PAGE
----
Sunday, December 17

Will Waterside R.i.p.?

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Save Waterside!  But who is going to continue to pay the bills?  Waterside has been an embarrassment and a sore spot for the city of Norfolk for many years.  The place was a cool destination until McArthur Mall stole a significant part of their business.  But a big part of the reason for the demise of Waterside is the City of Norfolk itself.  Running bars out of the area, closing clubs, the list goes on. 

At the end of the day I sincerely believe that Waterside will become a nice green space in Downtown Norfolk.  Private developers would not do anything but raise another hotel or high rise condominium.  It could make an interesting space for another shopping mall, but there is little evidence to suggest that Downtown Norfolk could sustain another shopping mall.  I am sure that the City would prefer something high end, you know what would typically be in step with a downtown area, but there is already too much of that in the city as it is. 

The bottom line is that the City of Norfolk needs to find creative uses for what already exists downtown before addressing Waterside.  If downtown were “bursting at the seams” then a creative use for Waterside would be worth talking about.  Downtown Norfolk should use Waterside to differentiate itself from downtown areas elsewhere in the region.  Sure all of the tall buildings are in downtown Norfolk, that is great, but what else can you really say about it?  They tried clubs and those did not work, but those clubs pandered to a young crowd, like most do in this region. 

Perhaps Waterside could be a destination for someone, oh I don’t know, over 30 that is mature enough to appreciate something a bit different.  Something for those in their middle age can do.  It doesn’t necessarily have to include something that has a family appeal, but it could offer something completely different. 

Seeing that the City does not have any ideas of what to do with Waterside, and probably does not want to bear the expense of tearing it down, they should leave it up to developers to find a creative use for it.  Part of the City wants the other part of the City to tear it down, big surprise there.  Look at it this way, when people come to Hampton Roads the first place they go is the Oceanfront, knock themselves out there, then quickly learn that there are other cities in the region, and that those other cities have beaches.  The beach in Norfolk is severely underdeveloped with absolutely no tourist amenities in place under the pretense that the neighborhood is dangerous and it would be more important to get a higher caliber of individual to live there.  Yet a lot of those houses are empty, because the neighborhood is still dangerous, new residents clash with those that already live there, and the average person cannot afford the new construction.  The neighborhood is completely dis-invested, with nothing but a new public library.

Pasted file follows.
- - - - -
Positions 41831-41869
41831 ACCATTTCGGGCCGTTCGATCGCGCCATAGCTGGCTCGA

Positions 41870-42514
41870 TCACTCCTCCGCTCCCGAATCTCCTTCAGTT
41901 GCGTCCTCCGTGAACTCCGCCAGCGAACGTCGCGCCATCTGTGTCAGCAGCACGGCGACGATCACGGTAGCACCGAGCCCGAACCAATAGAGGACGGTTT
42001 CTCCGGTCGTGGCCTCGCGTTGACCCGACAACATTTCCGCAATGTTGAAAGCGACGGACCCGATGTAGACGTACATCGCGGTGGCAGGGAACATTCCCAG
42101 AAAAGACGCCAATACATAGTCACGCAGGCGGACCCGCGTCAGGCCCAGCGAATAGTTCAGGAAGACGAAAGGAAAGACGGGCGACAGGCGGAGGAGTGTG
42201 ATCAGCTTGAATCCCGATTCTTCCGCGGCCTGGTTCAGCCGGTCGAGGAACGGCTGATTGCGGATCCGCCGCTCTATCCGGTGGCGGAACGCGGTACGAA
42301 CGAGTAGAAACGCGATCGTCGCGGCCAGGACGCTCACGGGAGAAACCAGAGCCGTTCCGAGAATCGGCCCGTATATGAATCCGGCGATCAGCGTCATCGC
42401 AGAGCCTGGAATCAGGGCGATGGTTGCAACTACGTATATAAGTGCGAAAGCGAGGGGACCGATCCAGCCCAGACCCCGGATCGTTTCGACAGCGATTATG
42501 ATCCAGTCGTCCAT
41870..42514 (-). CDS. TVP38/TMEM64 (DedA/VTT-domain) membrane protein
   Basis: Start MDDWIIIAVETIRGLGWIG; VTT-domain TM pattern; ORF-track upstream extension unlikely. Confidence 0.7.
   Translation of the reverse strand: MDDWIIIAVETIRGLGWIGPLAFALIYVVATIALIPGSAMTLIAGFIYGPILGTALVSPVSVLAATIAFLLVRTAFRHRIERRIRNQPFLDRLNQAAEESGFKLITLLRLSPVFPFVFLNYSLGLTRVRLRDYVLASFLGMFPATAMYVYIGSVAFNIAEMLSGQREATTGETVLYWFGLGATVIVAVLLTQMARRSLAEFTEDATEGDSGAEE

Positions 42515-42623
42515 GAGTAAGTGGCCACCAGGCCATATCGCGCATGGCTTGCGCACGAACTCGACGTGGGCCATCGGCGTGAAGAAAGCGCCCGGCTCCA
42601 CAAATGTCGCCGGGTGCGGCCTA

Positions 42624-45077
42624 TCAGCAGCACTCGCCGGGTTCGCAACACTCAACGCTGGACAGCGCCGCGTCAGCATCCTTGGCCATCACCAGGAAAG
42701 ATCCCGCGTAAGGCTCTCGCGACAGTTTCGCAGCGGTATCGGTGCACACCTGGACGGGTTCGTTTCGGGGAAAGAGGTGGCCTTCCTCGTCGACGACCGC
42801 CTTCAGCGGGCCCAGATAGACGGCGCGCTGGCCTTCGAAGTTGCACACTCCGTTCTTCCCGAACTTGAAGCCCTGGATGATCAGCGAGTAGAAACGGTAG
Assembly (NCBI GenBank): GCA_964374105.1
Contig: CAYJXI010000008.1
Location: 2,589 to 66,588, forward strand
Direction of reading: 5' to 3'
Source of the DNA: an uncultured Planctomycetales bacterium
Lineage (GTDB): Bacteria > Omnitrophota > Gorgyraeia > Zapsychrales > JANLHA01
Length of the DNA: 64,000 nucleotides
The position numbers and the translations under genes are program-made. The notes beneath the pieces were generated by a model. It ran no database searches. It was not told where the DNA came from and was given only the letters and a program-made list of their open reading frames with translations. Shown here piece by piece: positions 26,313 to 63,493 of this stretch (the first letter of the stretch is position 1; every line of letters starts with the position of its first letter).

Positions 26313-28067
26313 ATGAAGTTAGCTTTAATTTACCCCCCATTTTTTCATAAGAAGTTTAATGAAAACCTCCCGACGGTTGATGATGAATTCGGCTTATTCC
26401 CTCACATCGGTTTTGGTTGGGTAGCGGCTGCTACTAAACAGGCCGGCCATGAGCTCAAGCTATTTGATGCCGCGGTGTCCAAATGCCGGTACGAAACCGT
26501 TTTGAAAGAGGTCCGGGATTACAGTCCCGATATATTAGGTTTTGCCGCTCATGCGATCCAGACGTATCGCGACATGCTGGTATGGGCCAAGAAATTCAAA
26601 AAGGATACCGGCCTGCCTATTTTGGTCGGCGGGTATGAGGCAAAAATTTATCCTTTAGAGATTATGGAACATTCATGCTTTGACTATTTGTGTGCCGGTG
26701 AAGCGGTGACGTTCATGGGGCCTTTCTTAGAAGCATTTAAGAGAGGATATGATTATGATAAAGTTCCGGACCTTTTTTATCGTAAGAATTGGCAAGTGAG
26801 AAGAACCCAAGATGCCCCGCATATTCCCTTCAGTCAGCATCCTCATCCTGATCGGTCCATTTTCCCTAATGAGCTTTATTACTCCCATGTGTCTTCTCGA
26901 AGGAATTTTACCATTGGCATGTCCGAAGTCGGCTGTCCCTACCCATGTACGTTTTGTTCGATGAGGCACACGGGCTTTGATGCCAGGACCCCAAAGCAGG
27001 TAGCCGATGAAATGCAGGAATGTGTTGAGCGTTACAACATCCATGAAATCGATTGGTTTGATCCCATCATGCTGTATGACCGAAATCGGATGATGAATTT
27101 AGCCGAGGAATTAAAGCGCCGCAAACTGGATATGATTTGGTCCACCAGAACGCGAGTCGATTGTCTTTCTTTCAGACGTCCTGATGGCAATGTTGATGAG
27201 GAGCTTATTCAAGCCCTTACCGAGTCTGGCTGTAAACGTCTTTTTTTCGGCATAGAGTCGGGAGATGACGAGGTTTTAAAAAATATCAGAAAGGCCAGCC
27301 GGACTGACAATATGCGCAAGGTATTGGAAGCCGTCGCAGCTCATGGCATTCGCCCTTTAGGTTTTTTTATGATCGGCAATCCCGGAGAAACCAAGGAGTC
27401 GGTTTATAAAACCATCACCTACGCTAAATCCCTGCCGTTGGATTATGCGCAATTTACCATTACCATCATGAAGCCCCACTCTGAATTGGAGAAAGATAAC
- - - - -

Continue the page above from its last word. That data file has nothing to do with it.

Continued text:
Seeing that the City completely dropped the ball with respect to Ocean View, perhaps they can get it right downtown.  But then again there are housing projects within a stones throw of downtown.  You cannot tell when you are in the thick of downtown, but you can certainly tell once you leave.  Virginia Beach does not have this problem with Town Center; it is in a good neighborhood, and they can actually fill their high rise condominiums with residents.  This leads us to Waterside, which is an interesting development that is completely surrounded by buildings with some activity.  At least the City is not squatting on Waterside waiting for enough money to come in to build another grandiose hotel or apartment complex; enough of those have failed within the last 10 years.  But the City needs to do something, as no city “worth its salt”, has eyesores on the shore.  Until they find a use for Waterside, it will be a sore reminder that as far as downtown Norfolk has come, it still has a long way to go …


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